So being on the right kind of team (baseball :-) is a start, but only the very beginning. Which team? Which position? Which spot in the batting order? So many other variables need to line up. Our internal context guides us through this.

Fortunately we just feel “off” when not in alignment. Not that our emotions are clairvoyant, but they certainly work to adjust our rudder. There is a sense in which we can trust them to help us finesse the wheel. They know something!

So we must learn the art of discernment, of honing in our intuition (which is beyond but including both our reason and emotion). We must learn to listen to our lives, to hear the sound of perfect harmony between our calling and the world’s need.

These intersections are seldom easy to navigate, but there is a compelling vibration of sort when we approach one. There is a sense of destiny, a feeling of the wind behind us. There is belief and a strange familiarity like we have been here before.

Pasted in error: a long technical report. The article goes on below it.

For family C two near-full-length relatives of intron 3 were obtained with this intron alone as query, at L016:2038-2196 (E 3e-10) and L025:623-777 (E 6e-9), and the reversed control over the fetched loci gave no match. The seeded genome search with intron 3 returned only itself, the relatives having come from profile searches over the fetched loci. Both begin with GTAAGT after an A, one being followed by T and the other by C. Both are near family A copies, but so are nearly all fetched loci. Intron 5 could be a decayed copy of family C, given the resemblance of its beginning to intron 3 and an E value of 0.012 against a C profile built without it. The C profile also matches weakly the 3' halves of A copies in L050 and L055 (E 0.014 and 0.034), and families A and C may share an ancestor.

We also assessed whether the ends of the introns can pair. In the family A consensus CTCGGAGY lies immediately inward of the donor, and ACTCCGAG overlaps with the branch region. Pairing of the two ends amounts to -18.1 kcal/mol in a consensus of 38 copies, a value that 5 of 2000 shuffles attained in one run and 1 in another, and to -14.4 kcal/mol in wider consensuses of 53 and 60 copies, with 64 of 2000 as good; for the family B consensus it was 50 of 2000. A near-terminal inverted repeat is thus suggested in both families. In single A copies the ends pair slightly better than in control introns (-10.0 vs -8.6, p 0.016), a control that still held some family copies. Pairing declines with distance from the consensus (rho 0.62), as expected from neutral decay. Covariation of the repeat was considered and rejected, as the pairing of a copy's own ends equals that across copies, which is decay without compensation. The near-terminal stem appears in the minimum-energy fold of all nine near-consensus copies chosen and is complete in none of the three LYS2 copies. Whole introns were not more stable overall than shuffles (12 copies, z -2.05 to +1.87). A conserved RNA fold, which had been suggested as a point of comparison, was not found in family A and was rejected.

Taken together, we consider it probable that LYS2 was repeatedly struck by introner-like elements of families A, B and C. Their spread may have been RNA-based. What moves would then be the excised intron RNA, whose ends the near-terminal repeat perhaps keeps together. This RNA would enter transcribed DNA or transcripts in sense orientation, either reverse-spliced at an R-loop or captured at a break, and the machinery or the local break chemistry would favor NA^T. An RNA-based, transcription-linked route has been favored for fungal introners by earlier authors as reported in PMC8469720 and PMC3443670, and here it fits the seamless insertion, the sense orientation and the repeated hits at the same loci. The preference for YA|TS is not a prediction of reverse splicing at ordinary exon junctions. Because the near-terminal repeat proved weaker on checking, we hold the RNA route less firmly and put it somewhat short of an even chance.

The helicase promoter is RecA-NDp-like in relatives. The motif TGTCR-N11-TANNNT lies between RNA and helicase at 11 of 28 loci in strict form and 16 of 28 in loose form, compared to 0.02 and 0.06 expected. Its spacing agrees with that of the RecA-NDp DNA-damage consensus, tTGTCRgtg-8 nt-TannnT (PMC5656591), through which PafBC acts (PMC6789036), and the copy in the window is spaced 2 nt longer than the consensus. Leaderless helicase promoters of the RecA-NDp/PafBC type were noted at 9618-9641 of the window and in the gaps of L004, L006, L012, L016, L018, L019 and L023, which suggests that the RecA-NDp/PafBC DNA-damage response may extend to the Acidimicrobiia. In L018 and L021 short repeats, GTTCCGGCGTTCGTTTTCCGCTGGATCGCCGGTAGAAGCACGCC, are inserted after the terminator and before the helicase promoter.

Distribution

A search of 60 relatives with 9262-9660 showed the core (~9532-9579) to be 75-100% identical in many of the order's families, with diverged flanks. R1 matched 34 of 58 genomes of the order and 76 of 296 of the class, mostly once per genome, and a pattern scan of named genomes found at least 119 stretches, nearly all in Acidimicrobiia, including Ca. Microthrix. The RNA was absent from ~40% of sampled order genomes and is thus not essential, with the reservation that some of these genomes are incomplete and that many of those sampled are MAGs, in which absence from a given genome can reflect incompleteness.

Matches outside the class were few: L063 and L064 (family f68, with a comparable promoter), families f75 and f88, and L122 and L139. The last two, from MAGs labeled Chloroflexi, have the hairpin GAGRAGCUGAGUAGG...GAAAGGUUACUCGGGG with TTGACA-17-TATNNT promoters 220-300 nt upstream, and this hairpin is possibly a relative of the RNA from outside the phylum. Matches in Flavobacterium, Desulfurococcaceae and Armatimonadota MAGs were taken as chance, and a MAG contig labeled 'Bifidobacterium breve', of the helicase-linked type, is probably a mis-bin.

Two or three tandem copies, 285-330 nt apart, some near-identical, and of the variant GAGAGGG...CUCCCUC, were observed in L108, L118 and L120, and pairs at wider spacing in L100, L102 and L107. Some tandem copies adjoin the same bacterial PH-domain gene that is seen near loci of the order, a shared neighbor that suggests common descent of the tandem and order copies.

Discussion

Those moments of clarity, though often short, are oxygen to intuiting our calling. They give us a deep sense of vindication that external circumstances can neither confirm nor deny. These vocational moments are worth their weight in gold.

The reality is that our calling is a set of very small footsteps in a very vague direction. We know basically what the end product looks like but we simply don’t know how to get there. We move forward in faith, and trust we will not be forsaken. 

What Really Matters? (Part 1)

Ride the waves of inevitability. If you have drive, if you have curiosity, if you passion for a project, you have life. You have a responsibility, you have a precious, rare gift. You have this unique moment to actually participate in the creative process.